Choosing the right mentor for your career is important. You might think your mentor should be someone in your company with more experience who can guide you as you progress. But this type of mentor may not be able to help you beyond your current workplace. They can offer advice and leads, but their influence usually stays within the company. So, it’s essential to consider whether this kind of mentor is enough for your career growth beyond your current workplace.

When you’re seeking advice from someone experienced, it might feel like you’re on your own. But fear not! There are mentors outside your organization who can assist during your transition.

Instead of relying solely on colleagues, consider reaching out to industry- or profession-focused mentors. These mentors have broad knowledge across different companies and fields. You can find them in various places like professional groups, recruiting agencies, or specialized law firms.

For instance, there might be a recruiter known for helping HR professionals in transition, and an executive from startup biotech firms who enjoys mentoring those interested in the field. Consultants and vendors are also great resources as they have insights from working with multiple organizations.

So, don’t hesitate to seek guidance from mentors beyond your workplace. They can offer valuable support as you navigate your career path.

Mentors focused on your industry or profession give advice on how to present yourself, which companies to aim for, and how to improve your resume. They might also suggest connections or introduce you to people. But remember, you have to ask for their advice and then act on it. For instance, don’t ask for feedback on your resume if you’re not willing to make changes. If they advise you to research for an interview, make sure you do it. These mentors are known for their helpfulness, so they don’t want to waste time. If you don’t follow their advice, they’ll likely move on to help someone else.

Keep in touch with your mentor by trying their advice, thanking them, and asking questions. Even if you’re not interested in a job they suggest, it boosts your reputation to be referred. Update them regularly on your progress.

To find mentors focused on your industry or profession, try these simple steps. First, join a professional or industry association and attend their meetings or local conventions. Look out for names that frequently appear as speakers or sponsors, or those who receive awards from the organization. You can also ask around for recommendations from people in the field.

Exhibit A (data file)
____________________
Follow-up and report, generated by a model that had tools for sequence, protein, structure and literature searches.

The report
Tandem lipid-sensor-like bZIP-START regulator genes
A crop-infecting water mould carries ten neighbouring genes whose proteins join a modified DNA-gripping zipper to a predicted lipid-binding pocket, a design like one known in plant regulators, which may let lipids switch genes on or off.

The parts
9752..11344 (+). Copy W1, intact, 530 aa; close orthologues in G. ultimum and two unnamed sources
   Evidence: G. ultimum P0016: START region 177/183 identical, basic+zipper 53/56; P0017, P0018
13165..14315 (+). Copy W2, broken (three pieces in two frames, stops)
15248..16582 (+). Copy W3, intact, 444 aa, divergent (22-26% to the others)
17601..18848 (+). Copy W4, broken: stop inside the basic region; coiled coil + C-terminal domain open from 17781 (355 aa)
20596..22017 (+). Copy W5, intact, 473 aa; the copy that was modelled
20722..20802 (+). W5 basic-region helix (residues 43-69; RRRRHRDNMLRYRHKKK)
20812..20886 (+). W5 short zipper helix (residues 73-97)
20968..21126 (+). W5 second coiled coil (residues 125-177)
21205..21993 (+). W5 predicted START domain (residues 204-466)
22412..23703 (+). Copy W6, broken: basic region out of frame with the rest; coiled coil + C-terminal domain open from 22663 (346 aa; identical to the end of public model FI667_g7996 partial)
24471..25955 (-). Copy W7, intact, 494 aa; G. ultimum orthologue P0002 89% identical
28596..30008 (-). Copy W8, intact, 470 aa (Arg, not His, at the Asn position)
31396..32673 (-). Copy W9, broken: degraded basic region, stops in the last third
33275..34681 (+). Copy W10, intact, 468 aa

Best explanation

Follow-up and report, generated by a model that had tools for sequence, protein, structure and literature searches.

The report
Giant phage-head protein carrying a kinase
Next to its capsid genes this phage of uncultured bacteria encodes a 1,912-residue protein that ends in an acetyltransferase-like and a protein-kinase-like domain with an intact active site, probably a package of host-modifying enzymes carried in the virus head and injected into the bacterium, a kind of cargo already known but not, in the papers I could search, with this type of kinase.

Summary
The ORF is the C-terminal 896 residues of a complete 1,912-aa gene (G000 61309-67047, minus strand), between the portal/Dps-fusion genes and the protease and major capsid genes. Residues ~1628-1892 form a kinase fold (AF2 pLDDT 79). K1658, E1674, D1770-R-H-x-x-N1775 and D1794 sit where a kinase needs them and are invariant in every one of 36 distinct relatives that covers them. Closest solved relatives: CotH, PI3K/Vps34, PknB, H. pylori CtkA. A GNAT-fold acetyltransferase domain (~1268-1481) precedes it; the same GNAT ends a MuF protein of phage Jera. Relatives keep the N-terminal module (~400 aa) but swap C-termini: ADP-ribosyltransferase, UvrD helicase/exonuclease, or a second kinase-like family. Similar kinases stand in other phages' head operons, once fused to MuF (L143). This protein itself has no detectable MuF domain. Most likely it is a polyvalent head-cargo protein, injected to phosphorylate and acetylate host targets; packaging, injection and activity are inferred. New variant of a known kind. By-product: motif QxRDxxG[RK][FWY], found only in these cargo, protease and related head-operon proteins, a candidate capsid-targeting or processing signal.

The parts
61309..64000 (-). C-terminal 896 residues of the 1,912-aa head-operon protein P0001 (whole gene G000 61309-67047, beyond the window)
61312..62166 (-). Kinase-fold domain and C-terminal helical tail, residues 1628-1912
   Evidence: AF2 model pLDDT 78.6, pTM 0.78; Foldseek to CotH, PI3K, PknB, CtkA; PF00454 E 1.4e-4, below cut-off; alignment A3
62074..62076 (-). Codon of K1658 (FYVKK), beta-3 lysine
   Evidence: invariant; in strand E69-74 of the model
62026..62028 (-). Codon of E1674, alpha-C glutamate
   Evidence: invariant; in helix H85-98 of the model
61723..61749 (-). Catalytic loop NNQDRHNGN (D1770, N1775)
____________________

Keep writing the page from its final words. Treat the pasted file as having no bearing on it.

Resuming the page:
Another way is to check conference programs for the names of consultants and vendors who work with association members. Since they’re likely present at the conference, approach them and explain that you’re in transition, seeking mentorship. Keep in mind, you’re looking for experienced individuals known for their willingness to help others.

Sometimes, you might meet a senior person during your search who takes a genuine interest in your career. These unexpected mentors, whom we can call “surprise” mentors, often enjoy guiding others despite their busy schedules. Pay attention to those with whom you share a special connection, and follow up with them regularly.

Remember, mentors find personal fulfillment in helping others advance in their careers. To repay their kindness, consider “paying it forward” by becoming a mentor yourself. Volunteer for professional associations or conferences or offer to share your industry insights at local colleges. Let your mentors know you’re giving back to the community.

Lastly, when you secure a new job, express gratitude to all who assisted you. Provide them with your contact information and offer to help others in transition, just as they helped you. By showing appreciation and staying connected, you may continue to benefit from their mentorship even as you settle into your new role.

This article has been referenced for HBR. To read the complete article click here

About High Potential Career Planning:

An initiative of ACH, High Potential Career Planning (HPCP) is established with a mission to mentor professionals in their search for career development and growth. We provide personalized mentorship programs, which can help individuals have a fulfilling career.

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